Many hearing aid batteries are also primary batteries with a capacity from 70 to 600mAh, good for 5 to 14 days before replacement. This is amazing considering their size.

The rechargeable version offers less capacity for its size and lasts for about 20 hours between charges. The ability to recharge will save money in the long run.


Primary batteries are not rechargeable. Primary Batteries Primary Batteries

Rechargeable batteries are also known as secondary batteries.



KinkajouKinkajou : Why not just create a battery that can charge itself from externally applied RF or magnetic field frequencies? We probably just haven’t got around to doing yet.

ErasmusErasmus :  I think the answer lies in much the same vein as the inverter versus generator battle. In short, Technology is progressing.

There may be other reasons as well.  To recharge the battery, would require rechargeable battery technology i.e. a secondary battery structure. In this application (inside the human body), such an architecture would likely result in increased maintenance requirements. Secondary batteries have lower lifetimes and less stable discharge characteristics.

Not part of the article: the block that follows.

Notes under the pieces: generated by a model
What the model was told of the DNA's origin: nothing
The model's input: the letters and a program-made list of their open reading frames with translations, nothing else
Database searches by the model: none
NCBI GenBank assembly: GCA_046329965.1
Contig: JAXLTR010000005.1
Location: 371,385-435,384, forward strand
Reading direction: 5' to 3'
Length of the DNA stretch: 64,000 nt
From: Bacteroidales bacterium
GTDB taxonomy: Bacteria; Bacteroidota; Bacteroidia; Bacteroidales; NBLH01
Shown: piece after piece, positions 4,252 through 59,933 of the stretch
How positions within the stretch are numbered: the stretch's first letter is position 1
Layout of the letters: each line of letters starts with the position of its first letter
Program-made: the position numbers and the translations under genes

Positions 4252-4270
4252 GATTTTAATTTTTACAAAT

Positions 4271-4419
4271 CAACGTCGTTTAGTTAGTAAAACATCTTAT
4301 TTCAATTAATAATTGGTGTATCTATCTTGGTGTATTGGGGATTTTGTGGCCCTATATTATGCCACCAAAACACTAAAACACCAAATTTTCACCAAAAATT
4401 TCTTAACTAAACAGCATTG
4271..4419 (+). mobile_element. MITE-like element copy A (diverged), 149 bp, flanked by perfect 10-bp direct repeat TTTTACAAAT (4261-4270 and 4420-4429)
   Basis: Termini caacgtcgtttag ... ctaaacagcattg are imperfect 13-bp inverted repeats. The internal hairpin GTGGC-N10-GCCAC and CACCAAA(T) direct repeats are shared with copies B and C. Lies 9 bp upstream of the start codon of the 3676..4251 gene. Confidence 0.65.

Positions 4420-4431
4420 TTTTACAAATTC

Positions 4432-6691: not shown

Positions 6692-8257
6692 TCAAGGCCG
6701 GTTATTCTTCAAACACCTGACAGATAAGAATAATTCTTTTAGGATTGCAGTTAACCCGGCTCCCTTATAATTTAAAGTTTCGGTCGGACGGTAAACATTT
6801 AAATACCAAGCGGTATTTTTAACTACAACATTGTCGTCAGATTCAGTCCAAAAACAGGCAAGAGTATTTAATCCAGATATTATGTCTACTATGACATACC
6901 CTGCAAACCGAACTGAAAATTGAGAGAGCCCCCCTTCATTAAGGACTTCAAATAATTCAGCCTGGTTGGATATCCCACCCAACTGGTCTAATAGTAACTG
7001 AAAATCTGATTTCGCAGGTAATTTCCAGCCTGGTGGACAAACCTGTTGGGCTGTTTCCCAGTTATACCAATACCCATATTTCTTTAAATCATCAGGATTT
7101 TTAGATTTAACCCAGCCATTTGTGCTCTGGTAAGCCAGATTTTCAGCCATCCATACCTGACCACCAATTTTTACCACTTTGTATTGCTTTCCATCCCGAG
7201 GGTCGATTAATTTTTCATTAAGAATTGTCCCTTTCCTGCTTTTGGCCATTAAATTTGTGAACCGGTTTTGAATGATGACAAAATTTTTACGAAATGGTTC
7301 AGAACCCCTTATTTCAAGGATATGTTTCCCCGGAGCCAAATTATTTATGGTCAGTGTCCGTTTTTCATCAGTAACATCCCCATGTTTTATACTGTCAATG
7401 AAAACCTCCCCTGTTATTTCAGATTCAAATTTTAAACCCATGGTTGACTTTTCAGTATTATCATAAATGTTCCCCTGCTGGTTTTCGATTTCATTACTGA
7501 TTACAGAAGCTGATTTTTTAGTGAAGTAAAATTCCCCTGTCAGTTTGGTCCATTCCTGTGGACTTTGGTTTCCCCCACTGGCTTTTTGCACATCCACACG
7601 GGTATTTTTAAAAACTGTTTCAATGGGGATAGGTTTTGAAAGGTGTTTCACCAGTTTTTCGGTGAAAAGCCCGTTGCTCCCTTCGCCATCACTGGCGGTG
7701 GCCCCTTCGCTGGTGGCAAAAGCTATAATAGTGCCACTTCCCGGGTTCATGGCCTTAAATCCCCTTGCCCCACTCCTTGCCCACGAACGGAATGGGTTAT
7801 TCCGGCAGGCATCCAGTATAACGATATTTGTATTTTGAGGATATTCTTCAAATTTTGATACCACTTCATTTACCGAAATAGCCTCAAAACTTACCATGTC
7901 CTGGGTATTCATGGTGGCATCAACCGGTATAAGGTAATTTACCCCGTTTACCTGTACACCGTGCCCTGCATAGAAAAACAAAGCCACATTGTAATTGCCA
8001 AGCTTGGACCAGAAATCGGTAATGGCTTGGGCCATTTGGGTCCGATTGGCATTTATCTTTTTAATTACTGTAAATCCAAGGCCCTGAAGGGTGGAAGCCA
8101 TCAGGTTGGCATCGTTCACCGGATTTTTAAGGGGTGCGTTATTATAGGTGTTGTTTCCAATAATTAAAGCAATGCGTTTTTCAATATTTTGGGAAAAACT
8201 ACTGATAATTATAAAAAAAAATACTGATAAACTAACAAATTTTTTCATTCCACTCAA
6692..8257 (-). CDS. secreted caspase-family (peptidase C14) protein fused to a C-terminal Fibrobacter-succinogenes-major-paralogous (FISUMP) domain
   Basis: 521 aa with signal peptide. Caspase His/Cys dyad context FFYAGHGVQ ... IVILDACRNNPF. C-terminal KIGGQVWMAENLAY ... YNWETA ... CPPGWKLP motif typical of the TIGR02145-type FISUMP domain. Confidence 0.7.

There are also some concerns about the biological effects of long-term exposure to EMF fields. Lying in bed and charging your pacemaker, may not be a good idea.

KinkajouKinkajou : So in the pacemaker application, the question then becomes why a battery versus why a fuel cell?

ErasmusErasmus : The current solution for the pacemaker scenario is of course the primary battery. However an organic fuel cell fuelled by glucose, may well be a better long-term solution being more considerate of the needs of the people afflicted by heart conditions requiring pacemakers. Such a fuel cell may well be able to be surgically implanted once, and run for the remainder of the life of the patient.

KinkajouKinkajou : So what is driving the interest in fuel cell technology?